- Am I responsible with money, or do I tend to overspend? Although this is a tough question to answer, if you are honest with yourself about how you manage money, you can invest your money so that unplanned spending is curbed to a certain extent, thereby protecting your long term investment.
2. Invest your money wisely
Once you are aware of what you and your partner’s needs will be for retirement, planning your financial investments will be much easier. This is a crucial step in the retirement planning guide.
If you are unsure about the advantages, disadvantages and risks of investment plans, talk to an experienced financial advisor about your needs and how to best invest your money.
- Understand your risk profile. How willing you are to take investment risks with your money will depend on how much money you have and for how long you want to invest it. High risk investments, such as stock shares, typically yield higher returns, if you are willing to wait and ride out some of the bumps. If you are not comfortable with risk, more secure investments such as fixed income bonds may be a better option.
- Evaluate your options. Naturally your financial advisor can help you with this, but per this retirement planning guide, it is always good to have some idea of what your options are when investing money for your retirement. Here are some to get you started:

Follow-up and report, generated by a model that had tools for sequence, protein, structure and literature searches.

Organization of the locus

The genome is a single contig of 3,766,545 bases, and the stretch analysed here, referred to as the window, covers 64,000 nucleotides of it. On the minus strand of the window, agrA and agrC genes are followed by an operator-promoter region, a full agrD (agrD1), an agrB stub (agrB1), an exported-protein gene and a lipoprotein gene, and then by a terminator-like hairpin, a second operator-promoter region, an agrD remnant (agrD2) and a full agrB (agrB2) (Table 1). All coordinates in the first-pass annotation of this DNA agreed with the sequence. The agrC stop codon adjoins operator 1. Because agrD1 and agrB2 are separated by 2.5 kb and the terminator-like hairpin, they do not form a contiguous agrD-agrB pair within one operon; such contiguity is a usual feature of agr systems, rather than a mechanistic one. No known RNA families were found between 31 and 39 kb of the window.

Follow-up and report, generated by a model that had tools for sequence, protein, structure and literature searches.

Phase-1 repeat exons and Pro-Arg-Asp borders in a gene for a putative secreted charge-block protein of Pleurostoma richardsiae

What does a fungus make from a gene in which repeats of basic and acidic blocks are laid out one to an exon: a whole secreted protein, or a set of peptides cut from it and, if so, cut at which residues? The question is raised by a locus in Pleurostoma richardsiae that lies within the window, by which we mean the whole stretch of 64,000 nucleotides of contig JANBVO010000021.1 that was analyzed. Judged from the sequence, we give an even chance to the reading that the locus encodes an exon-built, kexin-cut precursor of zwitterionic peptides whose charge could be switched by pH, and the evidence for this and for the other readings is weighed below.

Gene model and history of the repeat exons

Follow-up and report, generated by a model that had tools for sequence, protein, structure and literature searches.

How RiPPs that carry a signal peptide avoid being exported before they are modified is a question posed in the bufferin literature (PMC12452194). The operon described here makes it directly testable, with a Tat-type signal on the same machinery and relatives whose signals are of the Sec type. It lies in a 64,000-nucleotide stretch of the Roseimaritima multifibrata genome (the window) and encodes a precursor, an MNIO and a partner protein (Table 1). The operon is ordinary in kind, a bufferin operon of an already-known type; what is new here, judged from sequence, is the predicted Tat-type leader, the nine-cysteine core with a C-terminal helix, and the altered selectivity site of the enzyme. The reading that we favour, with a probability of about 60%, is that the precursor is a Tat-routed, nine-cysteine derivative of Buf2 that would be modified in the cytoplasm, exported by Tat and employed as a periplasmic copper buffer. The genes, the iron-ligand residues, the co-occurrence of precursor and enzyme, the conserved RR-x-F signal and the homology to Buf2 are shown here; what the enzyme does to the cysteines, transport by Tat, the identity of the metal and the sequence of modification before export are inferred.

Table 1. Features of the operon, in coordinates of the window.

- A total return portfolio is geared for long term investment (10-20 years) that aims to meet or exceed your annual withdrawal rate. This plan has a set of withdrawal rate rules that you need to abide by, and typically they allow a withdrawal of between 4-7% per year. This is a great option for someone with an advisor, or who is a bit more investment savvy, and enjoys managing their own income.
- Retirement income funds. These funds have been constructed from a mixture of investments that include stocks and bonds, and yields growth to allow a monthly payout to you. You have more flexibility of access to the principal investment, but be aware that withdrawal from the principal will influence your monthly income.
- Immediate annuities. Although this is a form of insurance, their goal is to produce income, and they are considered a viable investment option if you obtain them through a trusted insurance company. Basically you are ensuring your future income, so in exchange for a lump sum of money, the company will guarantee your income for a set period of time.
- Bonds. These investments are lower in risk and have a payout of the lump investment sum after a set amount of years. In the meanwhile you earn interest on the money you invested, that can provide you with a form of income.
- Property. Naturally this is a form of investment depending on the state of the market and the time frame you want to work in. There are also some costs associated with property such as maintenance and insurance, and provision for emergencies that you need to budget for.
I hope this retirement planning guide has you thinking logically and systematically about your future. This will help ease your mind when it comes to retirement planning and your retirement financial plan.